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Opioids and Overdoses


What is an Overdose?

An overdose is when there is too much of a drug (or drugs) in a person’s body and it affects their body’s ability to maintain basic functions needed for life (such as breathing and heart rate). In an opioid overdose, what usually happens is that a person’s breathing slows or stops. Not everyone who overdoses will die but there can be long-term effects such as brain damage from lack of oxygen.

Recognizing an Opioid Overdose

Signs of an opioid overdose include:

  • Slow, erratic or no breathing
  • Blue lips, nails or skin
  • Limp body
  • Pinpoint pupils
  • Cold, clammy skin
  • Doesn’t respond to shouting or shaking
  • Deep snoring or gurgling sounds
  • Vomiting
  • Loss of consciousness

*The difference between “the nods” and an overdose is unresponsiveness (not responding to shouting, shaking, etc.)

Responding to an Opioid Overdose

  1. Stimulate (shake shoulders, shout)
  2. Call 911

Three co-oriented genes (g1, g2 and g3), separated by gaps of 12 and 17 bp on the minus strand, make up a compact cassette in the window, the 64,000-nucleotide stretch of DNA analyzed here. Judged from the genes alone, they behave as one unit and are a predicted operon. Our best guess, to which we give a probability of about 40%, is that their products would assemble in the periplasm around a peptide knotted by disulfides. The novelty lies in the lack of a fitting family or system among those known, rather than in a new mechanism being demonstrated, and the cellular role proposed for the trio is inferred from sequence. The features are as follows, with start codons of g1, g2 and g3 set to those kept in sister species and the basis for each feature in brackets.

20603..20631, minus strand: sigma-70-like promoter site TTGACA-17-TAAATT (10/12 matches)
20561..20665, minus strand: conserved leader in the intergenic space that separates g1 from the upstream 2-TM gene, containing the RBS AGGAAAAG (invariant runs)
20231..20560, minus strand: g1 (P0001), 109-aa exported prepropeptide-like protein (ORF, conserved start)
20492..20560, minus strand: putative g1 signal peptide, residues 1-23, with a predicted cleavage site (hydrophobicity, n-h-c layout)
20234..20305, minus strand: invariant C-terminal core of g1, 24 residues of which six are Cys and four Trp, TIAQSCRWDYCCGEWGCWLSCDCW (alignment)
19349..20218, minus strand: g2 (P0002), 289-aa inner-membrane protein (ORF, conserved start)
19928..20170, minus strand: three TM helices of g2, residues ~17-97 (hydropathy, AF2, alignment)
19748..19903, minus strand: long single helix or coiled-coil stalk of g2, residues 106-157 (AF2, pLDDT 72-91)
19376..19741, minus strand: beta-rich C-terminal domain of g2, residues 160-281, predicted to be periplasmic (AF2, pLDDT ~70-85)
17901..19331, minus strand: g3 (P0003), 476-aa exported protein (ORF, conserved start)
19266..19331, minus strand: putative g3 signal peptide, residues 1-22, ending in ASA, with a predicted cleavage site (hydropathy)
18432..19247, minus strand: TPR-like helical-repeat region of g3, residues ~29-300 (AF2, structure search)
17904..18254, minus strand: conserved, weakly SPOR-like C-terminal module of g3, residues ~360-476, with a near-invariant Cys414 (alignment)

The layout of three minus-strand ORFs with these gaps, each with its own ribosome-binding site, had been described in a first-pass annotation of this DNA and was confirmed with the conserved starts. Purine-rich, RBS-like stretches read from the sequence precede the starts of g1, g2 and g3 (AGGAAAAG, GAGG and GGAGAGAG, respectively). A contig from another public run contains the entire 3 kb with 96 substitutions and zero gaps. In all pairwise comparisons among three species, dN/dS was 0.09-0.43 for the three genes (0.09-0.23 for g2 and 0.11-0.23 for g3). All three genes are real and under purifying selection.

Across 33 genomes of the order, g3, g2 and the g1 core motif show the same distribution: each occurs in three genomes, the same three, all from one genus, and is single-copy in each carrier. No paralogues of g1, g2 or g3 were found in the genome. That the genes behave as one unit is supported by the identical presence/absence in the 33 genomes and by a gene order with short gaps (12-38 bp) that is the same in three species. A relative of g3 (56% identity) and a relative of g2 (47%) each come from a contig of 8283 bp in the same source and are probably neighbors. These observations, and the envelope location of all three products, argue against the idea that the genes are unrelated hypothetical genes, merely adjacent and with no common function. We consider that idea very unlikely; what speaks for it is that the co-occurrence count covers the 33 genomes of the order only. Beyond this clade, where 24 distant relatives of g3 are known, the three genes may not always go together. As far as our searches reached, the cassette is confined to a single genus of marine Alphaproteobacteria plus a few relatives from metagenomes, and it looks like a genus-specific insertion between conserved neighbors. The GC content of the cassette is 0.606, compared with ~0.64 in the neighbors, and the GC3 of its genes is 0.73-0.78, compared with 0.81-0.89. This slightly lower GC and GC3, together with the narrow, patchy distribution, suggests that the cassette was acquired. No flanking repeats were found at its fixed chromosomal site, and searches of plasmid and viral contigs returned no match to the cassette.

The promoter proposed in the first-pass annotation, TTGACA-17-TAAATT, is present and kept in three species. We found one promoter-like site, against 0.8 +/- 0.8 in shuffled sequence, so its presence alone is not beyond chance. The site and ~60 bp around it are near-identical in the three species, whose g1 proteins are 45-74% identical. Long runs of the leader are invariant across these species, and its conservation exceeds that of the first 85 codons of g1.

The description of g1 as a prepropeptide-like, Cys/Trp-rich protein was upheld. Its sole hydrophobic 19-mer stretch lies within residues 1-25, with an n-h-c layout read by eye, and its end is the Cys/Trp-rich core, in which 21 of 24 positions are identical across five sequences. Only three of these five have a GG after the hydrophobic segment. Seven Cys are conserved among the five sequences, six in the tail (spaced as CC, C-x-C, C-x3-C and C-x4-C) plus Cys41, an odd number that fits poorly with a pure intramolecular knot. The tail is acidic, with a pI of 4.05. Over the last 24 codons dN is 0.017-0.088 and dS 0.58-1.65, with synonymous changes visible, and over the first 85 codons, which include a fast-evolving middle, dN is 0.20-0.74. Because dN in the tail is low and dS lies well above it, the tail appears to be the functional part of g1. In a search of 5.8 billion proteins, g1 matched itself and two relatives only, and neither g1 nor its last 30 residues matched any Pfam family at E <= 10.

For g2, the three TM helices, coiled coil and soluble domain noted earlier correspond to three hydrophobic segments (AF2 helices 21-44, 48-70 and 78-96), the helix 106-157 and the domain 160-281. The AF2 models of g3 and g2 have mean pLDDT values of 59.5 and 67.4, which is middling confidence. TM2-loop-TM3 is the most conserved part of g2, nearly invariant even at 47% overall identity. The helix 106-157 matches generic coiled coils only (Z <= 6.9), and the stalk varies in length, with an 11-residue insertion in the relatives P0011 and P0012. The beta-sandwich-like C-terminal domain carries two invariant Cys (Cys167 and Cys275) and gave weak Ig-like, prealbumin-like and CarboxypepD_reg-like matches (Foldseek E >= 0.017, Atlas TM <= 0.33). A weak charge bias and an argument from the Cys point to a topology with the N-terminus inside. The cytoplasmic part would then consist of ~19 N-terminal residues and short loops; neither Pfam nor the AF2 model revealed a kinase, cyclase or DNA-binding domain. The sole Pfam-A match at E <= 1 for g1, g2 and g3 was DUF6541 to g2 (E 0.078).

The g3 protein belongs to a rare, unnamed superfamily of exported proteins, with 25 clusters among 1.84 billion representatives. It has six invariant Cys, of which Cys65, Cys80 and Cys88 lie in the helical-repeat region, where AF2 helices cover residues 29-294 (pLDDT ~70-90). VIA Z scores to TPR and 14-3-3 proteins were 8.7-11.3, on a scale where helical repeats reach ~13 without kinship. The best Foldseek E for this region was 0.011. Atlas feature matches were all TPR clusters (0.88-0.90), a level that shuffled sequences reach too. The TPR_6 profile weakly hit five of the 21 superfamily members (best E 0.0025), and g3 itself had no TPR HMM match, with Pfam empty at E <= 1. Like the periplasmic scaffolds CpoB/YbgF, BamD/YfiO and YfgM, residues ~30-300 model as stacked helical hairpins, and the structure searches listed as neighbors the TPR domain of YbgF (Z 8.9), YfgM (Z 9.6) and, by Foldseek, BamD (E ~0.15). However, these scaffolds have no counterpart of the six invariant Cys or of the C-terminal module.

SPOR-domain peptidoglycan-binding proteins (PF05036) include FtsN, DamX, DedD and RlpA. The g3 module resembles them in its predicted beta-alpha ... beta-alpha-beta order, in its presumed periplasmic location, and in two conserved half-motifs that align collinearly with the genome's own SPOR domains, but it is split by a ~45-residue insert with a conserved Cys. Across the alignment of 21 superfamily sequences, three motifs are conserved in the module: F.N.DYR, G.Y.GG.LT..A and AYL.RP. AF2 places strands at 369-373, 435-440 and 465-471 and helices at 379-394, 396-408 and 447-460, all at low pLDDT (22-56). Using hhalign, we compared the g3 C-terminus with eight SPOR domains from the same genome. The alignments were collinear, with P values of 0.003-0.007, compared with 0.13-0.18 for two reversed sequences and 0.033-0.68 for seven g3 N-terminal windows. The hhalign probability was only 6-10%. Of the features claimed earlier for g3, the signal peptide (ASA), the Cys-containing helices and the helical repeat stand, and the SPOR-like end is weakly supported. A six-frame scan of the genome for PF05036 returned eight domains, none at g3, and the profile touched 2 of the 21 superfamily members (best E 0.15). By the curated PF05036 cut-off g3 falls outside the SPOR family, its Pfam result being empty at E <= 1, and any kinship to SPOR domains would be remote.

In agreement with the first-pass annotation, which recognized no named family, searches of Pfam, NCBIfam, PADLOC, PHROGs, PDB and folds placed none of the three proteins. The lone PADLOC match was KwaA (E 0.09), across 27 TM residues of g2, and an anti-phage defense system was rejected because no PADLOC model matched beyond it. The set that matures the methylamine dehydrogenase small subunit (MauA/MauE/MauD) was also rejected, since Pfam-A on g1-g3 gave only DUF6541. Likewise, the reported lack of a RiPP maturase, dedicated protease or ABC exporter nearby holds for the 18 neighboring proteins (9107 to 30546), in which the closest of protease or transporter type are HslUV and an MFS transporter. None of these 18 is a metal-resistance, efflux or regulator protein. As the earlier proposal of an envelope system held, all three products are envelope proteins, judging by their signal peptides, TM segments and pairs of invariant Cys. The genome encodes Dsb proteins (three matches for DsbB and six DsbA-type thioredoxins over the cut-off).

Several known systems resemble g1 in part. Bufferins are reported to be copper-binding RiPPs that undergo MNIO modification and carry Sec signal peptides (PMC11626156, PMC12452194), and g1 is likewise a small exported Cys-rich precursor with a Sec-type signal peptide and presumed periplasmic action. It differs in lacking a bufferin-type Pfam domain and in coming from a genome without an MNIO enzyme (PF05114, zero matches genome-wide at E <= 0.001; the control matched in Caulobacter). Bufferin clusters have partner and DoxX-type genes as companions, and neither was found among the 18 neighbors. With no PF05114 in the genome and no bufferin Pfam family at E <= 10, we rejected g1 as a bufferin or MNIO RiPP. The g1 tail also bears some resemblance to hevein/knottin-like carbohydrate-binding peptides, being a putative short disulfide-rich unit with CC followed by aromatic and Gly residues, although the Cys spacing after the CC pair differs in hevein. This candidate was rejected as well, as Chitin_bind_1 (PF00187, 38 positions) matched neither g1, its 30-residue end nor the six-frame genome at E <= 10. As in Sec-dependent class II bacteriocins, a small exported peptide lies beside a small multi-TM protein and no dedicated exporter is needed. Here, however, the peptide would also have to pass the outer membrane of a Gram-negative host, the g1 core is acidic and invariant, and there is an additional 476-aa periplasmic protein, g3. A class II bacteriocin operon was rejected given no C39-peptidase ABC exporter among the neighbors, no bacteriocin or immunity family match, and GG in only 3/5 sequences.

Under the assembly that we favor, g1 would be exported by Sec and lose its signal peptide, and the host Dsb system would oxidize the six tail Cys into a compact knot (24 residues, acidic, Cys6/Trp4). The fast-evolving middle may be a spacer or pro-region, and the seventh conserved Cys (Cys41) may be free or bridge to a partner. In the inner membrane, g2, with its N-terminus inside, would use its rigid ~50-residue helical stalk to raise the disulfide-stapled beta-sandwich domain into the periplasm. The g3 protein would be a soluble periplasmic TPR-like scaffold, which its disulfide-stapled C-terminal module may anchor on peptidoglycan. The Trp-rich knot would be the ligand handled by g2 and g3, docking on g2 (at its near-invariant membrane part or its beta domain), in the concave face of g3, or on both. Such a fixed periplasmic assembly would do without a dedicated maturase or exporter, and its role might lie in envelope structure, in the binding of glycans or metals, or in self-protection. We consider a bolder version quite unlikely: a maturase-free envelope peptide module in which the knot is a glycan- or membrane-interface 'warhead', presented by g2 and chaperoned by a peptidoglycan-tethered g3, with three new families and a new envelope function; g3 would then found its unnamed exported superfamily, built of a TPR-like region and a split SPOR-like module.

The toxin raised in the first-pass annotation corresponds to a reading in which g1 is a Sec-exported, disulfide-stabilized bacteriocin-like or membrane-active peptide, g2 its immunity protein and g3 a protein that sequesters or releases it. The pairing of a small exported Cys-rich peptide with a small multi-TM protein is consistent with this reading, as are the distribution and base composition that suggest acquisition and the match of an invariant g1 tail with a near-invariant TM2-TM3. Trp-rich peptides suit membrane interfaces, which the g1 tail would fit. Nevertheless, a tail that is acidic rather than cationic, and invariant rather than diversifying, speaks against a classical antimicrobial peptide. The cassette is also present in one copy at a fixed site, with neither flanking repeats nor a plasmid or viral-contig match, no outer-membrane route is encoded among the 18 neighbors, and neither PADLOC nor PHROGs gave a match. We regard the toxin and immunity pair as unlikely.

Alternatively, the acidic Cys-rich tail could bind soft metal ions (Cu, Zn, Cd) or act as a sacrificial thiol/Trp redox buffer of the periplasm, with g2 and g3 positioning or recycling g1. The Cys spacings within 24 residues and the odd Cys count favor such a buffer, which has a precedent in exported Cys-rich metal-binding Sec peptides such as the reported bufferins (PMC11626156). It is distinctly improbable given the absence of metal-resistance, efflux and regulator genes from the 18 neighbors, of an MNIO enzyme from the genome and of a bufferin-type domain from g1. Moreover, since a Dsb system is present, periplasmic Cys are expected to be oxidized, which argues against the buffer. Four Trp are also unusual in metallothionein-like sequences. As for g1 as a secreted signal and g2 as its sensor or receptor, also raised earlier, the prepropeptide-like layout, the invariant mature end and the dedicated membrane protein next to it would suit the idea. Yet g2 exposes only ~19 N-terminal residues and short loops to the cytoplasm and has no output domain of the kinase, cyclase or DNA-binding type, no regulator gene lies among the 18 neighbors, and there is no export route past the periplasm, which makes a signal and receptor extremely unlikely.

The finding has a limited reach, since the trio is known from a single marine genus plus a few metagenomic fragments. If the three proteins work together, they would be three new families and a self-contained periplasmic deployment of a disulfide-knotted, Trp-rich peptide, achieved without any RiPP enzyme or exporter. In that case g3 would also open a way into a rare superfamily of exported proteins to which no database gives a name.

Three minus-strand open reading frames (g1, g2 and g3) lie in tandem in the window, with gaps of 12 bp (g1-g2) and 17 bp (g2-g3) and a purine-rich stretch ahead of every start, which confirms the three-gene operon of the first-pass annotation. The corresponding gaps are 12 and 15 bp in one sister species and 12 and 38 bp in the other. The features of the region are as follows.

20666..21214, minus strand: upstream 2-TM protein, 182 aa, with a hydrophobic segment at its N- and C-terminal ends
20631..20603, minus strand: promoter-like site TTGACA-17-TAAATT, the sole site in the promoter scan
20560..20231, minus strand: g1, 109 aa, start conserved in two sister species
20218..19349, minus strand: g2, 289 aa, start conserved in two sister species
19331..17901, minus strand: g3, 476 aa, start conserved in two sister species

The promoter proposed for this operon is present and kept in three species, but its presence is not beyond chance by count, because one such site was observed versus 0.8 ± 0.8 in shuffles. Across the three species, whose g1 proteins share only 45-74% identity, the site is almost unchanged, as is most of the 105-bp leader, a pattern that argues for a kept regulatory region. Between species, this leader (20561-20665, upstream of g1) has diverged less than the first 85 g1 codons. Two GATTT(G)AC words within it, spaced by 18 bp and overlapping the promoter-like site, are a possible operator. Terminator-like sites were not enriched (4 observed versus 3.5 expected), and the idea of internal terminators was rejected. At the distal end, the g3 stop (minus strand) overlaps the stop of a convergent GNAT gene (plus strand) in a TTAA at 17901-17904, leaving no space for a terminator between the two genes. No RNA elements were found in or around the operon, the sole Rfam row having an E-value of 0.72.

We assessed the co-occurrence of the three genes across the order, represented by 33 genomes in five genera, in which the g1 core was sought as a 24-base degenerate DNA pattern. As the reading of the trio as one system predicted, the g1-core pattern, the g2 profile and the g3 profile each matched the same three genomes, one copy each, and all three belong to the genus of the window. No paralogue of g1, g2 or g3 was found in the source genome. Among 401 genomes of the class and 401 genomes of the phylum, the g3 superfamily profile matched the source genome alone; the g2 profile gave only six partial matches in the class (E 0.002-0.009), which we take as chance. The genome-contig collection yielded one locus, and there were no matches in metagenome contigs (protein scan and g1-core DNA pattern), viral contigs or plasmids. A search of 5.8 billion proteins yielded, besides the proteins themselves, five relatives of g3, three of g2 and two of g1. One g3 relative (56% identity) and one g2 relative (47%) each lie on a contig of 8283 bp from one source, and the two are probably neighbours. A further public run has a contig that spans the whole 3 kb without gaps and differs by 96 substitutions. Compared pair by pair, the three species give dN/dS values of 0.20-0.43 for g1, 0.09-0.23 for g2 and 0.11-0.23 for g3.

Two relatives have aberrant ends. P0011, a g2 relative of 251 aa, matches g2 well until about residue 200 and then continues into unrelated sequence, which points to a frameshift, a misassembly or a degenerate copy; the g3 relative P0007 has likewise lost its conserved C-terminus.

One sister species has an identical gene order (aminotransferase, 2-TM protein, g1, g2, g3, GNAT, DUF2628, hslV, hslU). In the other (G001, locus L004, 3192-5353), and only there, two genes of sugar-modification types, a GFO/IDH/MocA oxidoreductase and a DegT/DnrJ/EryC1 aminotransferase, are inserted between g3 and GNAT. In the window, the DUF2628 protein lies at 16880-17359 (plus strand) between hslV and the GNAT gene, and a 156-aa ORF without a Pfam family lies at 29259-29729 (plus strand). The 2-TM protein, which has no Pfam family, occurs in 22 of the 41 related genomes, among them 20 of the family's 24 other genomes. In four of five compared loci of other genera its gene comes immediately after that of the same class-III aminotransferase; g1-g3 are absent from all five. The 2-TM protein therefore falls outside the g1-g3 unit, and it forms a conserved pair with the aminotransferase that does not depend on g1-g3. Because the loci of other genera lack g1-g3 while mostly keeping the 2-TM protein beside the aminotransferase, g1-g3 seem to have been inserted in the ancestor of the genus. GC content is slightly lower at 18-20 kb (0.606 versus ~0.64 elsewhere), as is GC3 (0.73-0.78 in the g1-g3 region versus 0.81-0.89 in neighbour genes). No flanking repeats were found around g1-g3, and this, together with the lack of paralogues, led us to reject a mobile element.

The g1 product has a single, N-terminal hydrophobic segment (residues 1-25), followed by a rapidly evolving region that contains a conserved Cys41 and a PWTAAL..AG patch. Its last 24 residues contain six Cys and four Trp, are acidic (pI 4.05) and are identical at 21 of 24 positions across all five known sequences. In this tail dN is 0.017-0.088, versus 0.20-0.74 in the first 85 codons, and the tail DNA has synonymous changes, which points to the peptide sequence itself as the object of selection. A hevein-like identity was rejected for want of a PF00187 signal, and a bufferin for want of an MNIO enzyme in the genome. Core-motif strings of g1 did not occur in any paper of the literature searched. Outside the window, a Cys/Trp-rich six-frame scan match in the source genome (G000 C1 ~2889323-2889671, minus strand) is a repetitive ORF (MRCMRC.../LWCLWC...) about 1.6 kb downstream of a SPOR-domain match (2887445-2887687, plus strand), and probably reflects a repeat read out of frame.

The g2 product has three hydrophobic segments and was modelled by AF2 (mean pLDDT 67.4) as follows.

3. Give Naloxone
  4. Chest compressions (if trained in first aid and comfortable to do so)
  5. Check (give another dose of naloxone after 3-5 minutes if no change)

  • Put the person in a cold bath

  • Make the person vomit

  • Inject person with anything other than naloxone (e.g. saltwater, cocaine, milk)

  • Let the person sleep it off

  • The Haldimand-Norfolk Health Unit and participating pharmacies can provide naloxone kits for free. Naloxone is a life-saving medication that temporarily reverses the effects of opioid overdose. It is still important to call 911 as the person may require multiple doses, and may slip back into overdose.

    The Good Samaritan Drug Overdose Act provides certain protections if you are present when emergency services are called.

    Kits and training are available from the following locations:

    • 12 Gilbertson Drive, Simcoe ON
    • 100 Haddington Street, Caledonia ON
    • 117 Forest St. E., Dunnville ON

    Injectable naloxone is also available free of charge in many pharmacies. Call ConnexOntario Helpline at 1-800-565-8603, visit or use the interactive map.